A series of stories were published, highlighting achievements of disaster risk initiatives supported by the ACP-EU NDRR Program:
Communicating Flood Risk Along Guyana’s Coast
In January 2005, heavy rainfall caused catastrophic flooding along Guyana's coasts, affecting 290,000 people – almost half of Guyana’s population. Total flood damage was estimated at $465 million, or nearly 60 percent of the country’s GDP, prompting the government to work towards increasing its capacity to manage flood risk.
Building Climate and Disaster Resilience in Timor-Leste
Timor-Leste, a small, mountainous country in Southeast Asia occupying the eastern half the island of Timor, is highly vulnerable to natural hazards. Weather-related risks, such as monsoon rains, droughts, flash floods, landslides, and destructive winds are frequent threats. These risks are exacerbated by the potential for seismic risks, volcanoes, and tsunamis.
Building Back Better in Tonga after Cyclone Ian
After Tropical Cyclone Ian swept through the Pacific Island nation of Tonga in 2014, The government, the World Bank, and the Global Facility for Disaster Reduction and Recovery (GFDRR), with funding from the Africa Caribbean Pacific-European Union Natural Disaster Risk Reduction Program (ACP-EU NDRR), worked to rapidly assess the damages, and implement a recovery program which would strengthen the housing and transport infrastructure sectors against future natural hazards.
Weathering Future Storms in the Seychelles
When Tropical Cyclone Felleng battered the multi-island country of Seychelles with heavy rain in January 2013, the government, with support from the World Bank and the Africa Caribbean Pacific-European Union Natural Disaster Risk Reduction (ACP-EU NDRR) Program, an initiative managed by the Global Facility for Disaster Reduction and Recovery (GFDRR) worked to assess the damages and ensure that recovery efforts mitigate the effects of future natural hazards.
Resilient Recovery in Samoa after Cyclone Evan
Following the powerful Tropical Cyclone Evan that swept across the island of Samoa in July 2012, the World Bank and the Global Facility for Disaster Reduction and Recovery (GFDRR), with funding from the Africa Caribbean Pacific–European Union Natural Disaster Risk Reduction Program (ACP-EU NDRR), worked with the government to assess damages, launch a comprehensive disaster recovery and reconstruction plan to make the transport and agriculture sectors more resilient, and strengthen the country’s financial capacity to manage future shocks from natural disasters.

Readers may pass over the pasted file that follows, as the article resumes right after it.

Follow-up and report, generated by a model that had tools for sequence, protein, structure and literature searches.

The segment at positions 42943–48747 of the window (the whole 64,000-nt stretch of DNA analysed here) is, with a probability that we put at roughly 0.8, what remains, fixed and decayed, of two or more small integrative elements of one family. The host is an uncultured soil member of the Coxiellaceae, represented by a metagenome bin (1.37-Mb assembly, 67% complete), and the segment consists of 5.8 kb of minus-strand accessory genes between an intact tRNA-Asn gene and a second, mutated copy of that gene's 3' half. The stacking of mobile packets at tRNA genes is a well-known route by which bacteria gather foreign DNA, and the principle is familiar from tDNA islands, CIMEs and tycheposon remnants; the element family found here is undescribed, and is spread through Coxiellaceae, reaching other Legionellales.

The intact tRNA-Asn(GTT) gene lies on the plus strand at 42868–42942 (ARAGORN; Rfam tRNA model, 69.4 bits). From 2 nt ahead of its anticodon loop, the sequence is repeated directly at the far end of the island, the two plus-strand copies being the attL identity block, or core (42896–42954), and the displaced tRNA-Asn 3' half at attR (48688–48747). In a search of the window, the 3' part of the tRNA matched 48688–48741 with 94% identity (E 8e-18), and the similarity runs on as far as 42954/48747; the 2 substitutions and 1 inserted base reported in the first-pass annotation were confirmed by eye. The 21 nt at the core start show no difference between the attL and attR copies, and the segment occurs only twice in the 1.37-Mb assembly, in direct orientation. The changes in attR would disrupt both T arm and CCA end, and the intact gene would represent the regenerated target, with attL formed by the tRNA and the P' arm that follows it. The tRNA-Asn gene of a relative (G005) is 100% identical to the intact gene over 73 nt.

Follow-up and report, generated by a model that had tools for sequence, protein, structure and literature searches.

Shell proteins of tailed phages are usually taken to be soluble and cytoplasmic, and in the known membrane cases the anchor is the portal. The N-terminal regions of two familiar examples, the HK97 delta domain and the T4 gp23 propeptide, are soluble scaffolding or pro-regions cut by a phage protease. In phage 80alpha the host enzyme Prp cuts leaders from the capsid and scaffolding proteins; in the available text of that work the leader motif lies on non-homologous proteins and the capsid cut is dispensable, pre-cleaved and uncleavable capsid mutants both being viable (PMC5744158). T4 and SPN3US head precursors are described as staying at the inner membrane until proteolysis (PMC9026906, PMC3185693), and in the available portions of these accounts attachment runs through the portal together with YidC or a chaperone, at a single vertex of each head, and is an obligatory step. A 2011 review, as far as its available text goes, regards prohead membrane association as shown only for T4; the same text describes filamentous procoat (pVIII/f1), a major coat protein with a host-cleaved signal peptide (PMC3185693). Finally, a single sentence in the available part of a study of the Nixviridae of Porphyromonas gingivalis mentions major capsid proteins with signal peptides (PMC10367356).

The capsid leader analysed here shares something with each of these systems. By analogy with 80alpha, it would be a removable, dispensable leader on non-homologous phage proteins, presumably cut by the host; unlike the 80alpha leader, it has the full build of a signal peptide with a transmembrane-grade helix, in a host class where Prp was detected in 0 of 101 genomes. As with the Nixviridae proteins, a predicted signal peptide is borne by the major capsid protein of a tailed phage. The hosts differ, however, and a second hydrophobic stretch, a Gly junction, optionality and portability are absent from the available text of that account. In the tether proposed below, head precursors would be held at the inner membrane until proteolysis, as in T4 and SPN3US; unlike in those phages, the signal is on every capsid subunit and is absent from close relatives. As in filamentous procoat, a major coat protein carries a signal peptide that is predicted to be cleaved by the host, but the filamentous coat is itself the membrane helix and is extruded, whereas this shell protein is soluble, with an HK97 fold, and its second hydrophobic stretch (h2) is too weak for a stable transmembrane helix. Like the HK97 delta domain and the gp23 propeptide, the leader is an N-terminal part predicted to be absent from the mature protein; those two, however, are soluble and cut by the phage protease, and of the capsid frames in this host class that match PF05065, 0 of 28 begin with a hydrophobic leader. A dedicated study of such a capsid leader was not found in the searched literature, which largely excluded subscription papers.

Stakeholders Engage to Build Belize’s Climate Resilience
With the increasing incidence of climate-related disasters, the Government of Belize is working to improve its resilience by transforming the country’s approach to economic and social development with a national plan that cuts across all sectors of the economy.
Community-Based Disaster Risk Reduction in Niger
GFDRR and partners have financed an almost $1 million disaster risk reduction project in Niger to build capacity of local communities for early warning and response.
Assessing Post-Disaster Needs in Nigeria
After severe flooding in 2012, Nigeria asked GFDRR and other key partners to conduct a comprehensive Post-Disaster Needs Assessment (PDNA).
Strengthening Financial Resilience in the Pacific
In response to requests from 15 countries, the World Bank, GFDRR, and other partners formed the Pacific Catastrophe Risk Assessment and Financing Initiative (PCRAFI) in 2007 to help mitigate disaster and climate change risk.
Identifying risks and Guiding recovery efforts in Malawi
In January 2015, Malawi experienced some of the most devastating flooding in its history. In the aftermath, the Government of Malawi conducted a post-disaster needs assessment (PDNA), with support from the European Union (EU), the Global Facility for Disaster Reduction and Recovery (GFDRR), the United Nations (UN), and the World Bank.
Supporting Resilient Recovey after Cyclone Pam
Located in the Pacific Ring of Fire and at the center of the Pacific cyclone belt, Vanuatu is exposed to one of the world’s highest levels of natural disaster risk. Following the destructive Tropical Cyclone Pam that swept across the Pacific nation in March 2015, the Global Facility for Disaster Reduction and Recovery (GFDRR) and the World Bank quickly mobilized to respond.